Posted on

The Failure of the Criminal Justice System: The Case of James Barbour, NYC Broadway Actor and Child Molester

James Barbour.  Do not forget that name the next time you go and see a Broadway show. http://www.nypost.com/seven/12062006/photos/news005b.jpg He had played the “Beast” in the famed “Beauty and the Beast”.  Apparently, he was a beast off the stage as well.

Last week, Barbour pled guilty to two counts of the reduced charge of Endangering the Welfare of a Child, a misdemeanor, for fondling a 15 year old girl who visited him back stage in connection with a high-school trip before the final curtain call and later having oral sex with her about a month later in his apartment.  As his sentence, he received a paltry term of 60 days jail followed by three years probation.  This was reported in the New York Times here

What is not so clear in the NY Times article is that for the case to have arrived in Judge Scherer’s part, Part 81, a New York County Grand Jury would have had to indict this defendant on felony charges.  That means it’s more than simply the felony complaint.  At least 16 grand jurors had to have “reasonable cause” to believe the victim when she said that Barbour had done these particular things to her.  Thus, any plea bargain of a lesser included charge — particularly one of a misdemeanor — offered by the Manhattan Assistant District Attorney would also have to be approved by the judge. 

Of course, it was likely during a bench conference that the misdemeanor offer was conveyed because of a supposed weakness in the case and statutory time issues.  Nonetheless, the sentence underscores something larger with the criminal justice system as it relates to sex crimes, which is a lack of will to uniformly punish those who have committed crimes against the weakest of victims:  children.

For one, it is simply hard to believe that this was the first time Barbour did this “backstage.”  Sex crimes are not aberrant acts.  It involves a clear course of conduct, and Barbour’s acts and the circumstances surrounding it indicate that they were certainly no exception.  Indeed, this is the first time Barbour was caught.  But for the fact that he had good luck in the past doesn’t mean that should have been the guiding consideration in offering the misdemeanor.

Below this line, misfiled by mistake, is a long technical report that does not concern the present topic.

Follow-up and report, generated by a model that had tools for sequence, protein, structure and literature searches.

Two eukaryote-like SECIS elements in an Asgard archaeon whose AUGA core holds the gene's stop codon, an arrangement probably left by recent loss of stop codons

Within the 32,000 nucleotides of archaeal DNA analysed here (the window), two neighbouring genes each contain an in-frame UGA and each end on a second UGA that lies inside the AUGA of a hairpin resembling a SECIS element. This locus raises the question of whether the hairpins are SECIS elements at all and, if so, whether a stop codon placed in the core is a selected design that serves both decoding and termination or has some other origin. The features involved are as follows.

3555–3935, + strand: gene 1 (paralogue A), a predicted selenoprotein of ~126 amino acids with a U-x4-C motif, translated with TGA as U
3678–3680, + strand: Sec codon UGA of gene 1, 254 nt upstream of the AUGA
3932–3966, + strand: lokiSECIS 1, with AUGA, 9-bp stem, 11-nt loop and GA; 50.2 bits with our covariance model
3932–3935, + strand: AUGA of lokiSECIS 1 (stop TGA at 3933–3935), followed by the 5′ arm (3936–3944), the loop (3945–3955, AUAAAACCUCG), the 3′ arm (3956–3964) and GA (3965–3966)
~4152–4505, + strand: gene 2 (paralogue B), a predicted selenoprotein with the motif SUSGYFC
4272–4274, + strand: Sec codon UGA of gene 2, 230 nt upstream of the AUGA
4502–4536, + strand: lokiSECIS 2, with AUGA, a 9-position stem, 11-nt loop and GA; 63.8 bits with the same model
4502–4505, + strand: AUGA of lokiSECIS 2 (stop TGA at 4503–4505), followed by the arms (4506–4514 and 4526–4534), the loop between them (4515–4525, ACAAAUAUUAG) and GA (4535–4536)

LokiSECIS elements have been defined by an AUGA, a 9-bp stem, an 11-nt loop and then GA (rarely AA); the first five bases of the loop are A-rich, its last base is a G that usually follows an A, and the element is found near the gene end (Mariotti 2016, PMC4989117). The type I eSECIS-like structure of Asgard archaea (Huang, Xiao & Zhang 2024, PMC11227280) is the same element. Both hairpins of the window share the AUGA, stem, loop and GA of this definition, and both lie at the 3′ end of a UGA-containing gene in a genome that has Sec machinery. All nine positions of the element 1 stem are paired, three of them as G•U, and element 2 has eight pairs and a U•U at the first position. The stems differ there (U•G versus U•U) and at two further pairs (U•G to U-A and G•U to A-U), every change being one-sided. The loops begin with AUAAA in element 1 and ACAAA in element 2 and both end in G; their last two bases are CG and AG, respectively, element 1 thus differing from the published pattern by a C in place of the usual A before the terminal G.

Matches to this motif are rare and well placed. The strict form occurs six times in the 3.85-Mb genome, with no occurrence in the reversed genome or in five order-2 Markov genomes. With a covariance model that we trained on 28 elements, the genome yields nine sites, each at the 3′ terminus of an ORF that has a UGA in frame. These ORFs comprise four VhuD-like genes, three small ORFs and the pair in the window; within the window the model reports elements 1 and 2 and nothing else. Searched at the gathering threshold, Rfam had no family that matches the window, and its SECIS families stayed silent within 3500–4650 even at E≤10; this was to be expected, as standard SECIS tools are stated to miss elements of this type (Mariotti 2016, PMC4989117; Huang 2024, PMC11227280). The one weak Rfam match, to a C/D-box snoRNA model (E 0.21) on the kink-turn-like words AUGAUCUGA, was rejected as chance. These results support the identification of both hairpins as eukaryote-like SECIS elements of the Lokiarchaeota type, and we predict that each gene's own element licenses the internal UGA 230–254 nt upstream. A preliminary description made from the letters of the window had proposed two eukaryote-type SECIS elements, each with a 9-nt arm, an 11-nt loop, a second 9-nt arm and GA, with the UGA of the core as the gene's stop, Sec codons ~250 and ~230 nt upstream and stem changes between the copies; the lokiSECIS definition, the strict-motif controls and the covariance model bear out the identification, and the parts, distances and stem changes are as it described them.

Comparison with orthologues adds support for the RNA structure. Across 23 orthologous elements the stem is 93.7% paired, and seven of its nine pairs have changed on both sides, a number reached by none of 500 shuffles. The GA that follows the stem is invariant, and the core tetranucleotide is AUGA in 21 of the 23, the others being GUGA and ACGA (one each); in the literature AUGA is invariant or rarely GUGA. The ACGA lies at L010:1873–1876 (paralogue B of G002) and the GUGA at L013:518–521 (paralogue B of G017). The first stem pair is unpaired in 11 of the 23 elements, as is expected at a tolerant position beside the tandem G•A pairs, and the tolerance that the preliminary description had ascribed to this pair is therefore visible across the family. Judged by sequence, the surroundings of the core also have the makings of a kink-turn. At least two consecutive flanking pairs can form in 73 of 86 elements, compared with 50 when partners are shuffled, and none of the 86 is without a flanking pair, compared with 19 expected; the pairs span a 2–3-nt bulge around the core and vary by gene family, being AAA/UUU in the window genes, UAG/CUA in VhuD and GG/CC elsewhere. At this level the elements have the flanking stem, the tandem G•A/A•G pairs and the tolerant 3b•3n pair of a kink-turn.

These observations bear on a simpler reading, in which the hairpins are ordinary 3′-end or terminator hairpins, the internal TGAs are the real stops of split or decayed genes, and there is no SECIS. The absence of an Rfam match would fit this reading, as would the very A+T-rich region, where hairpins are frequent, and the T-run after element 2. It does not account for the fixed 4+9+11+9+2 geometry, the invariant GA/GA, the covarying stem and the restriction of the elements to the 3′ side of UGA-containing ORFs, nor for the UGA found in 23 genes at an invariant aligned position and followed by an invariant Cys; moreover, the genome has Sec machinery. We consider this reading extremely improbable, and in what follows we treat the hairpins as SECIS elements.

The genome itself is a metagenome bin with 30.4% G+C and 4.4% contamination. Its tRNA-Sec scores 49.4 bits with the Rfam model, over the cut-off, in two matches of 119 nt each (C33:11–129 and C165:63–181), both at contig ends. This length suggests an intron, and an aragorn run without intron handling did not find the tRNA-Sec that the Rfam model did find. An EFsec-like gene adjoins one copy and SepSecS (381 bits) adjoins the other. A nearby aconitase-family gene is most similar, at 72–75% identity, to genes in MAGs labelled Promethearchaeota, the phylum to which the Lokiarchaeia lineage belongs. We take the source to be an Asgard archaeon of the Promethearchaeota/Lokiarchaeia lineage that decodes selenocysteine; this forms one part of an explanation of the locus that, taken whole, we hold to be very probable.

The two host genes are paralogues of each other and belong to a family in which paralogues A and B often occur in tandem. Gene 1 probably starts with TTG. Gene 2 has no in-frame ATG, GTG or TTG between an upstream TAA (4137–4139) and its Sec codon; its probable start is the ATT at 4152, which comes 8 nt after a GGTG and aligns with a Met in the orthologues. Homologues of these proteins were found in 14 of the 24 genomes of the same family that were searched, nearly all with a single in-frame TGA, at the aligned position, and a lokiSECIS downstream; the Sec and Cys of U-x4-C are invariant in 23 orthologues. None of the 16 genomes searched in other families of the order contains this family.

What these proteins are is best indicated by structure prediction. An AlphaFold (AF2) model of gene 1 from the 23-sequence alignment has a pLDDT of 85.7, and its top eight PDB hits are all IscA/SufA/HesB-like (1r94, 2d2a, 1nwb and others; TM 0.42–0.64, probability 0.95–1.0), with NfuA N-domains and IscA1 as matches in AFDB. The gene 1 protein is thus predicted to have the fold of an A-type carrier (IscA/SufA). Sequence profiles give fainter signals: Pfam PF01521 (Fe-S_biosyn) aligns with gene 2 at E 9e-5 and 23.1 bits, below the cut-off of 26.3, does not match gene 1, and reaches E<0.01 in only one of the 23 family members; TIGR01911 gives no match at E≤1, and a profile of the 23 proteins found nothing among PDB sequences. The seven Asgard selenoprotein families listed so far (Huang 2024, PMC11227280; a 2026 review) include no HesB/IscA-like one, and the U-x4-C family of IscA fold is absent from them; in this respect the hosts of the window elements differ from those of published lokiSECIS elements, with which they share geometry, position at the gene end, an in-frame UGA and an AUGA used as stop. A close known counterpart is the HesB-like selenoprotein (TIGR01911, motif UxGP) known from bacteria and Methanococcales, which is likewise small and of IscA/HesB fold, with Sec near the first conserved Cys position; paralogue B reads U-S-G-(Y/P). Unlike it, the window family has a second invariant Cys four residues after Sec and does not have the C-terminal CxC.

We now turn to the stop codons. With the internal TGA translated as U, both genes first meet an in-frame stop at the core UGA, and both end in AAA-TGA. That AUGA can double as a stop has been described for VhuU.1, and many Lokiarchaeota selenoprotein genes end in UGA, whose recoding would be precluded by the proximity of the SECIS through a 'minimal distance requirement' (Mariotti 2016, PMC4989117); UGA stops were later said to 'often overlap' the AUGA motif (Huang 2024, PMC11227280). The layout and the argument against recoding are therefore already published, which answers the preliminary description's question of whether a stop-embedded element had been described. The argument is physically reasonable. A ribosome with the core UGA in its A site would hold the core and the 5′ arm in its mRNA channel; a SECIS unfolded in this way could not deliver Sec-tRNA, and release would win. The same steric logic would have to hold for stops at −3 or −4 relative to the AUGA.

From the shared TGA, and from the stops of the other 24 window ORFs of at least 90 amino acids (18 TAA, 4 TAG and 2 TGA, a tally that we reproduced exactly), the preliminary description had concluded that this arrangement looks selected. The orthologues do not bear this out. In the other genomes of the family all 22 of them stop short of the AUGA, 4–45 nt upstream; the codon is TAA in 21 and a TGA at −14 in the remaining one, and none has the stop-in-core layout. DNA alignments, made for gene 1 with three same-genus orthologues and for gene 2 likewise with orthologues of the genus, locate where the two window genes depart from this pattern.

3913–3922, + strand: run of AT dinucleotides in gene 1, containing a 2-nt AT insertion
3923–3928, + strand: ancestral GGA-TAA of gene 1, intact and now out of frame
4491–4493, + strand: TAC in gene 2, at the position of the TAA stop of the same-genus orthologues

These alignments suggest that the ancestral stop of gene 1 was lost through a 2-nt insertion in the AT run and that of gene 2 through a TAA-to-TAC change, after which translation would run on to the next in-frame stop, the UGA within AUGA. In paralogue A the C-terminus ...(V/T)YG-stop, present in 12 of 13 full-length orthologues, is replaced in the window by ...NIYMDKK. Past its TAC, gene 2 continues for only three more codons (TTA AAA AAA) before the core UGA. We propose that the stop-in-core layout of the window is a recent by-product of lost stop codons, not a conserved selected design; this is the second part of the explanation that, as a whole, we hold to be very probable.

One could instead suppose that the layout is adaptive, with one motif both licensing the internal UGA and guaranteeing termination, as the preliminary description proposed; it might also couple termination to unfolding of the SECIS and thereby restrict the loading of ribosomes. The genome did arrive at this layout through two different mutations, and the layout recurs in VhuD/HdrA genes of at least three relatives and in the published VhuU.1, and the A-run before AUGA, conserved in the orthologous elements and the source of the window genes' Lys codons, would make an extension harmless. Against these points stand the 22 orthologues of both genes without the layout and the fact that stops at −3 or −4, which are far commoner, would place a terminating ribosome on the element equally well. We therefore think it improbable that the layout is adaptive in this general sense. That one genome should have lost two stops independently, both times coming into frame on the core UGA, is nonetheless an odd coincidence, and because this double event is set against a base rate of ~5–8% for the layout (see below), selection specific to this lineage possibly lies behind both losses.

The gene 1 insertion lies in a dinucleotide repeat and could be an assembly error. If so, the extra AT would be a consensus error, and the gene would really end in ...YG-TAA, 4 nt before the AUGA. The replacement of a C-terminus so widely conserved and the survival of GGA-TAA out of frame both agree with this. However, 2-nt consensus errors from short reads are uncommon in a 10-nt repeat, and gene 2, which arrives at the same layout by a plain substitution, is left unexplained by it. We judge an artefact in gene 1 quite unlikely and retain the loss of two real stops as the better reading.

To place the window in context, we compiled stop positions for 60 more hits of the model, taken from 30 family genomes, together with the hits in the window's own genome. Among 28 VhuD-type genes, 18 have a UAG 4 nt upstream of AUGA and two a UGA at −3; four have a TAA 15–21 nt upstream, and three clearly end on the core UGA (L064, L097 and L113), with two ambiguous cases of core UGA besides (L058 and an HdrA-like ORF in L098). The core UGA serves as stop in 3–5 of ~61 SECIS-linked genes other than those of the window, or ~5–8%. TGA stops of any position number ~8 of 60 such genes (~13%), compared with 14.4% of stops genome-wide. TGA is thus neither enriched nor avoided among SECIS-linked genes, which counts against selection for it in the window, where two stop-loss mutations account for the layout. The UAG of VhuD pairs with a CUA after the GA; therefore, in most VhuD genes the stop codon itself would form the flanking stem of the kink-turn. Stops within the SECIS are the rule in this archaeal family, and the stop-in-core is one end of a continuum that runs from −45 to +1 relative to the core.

Next, what kind of message does a 60 day sentence on a misdemeanor send?  Don’t worry, have sex with an underage person and get a mere slap on a wrist.  You won’t have a felony record at least.  It’s ridiculous. 

That leads to the other issue of whether Barbour’s “celebrity” status gave him sway for the deal.  If anything, given his status, Barbour should have been set to a higher standard, not to a lower one.  The Manhattan Assistant D.A. had felonies he/she could have gone forward with at a trial.  The Manhattan Assistant D.A. could have easily won the misdemeanor counts in front of a jury, despite any perceived issues with the witness.  The Manhattan Assistant D.A. should have tried with a trial and not copped out with a half a loaf.  The whole thing sends the wrong message and even with D.A. Morgenthau’s advice to prosecutors, getting a plea in this case was not “the right thing” to do.  It would have been better to go forward with a trial on the felonies and lost than it was to take this plea.   

What also is troubling are statements by Jay Binder, Barbour’s casting director.  He said that he should be judged by his “talent” as an actor as opposed to his criminal record.  I would hope that a production company looks closely at his background as a child molester and not merely his supposed talents as an actor in deciding whether to cast him.  And certainly paying customers should, too. 

In the end, the case of James Barbour expresses one thing only:  don’t get caught.  It’s not that child molesting is wrong in and of itself, it’s simply if you get lucky make sure that the young child doesn’t rat on you.  That is the wrong message to send.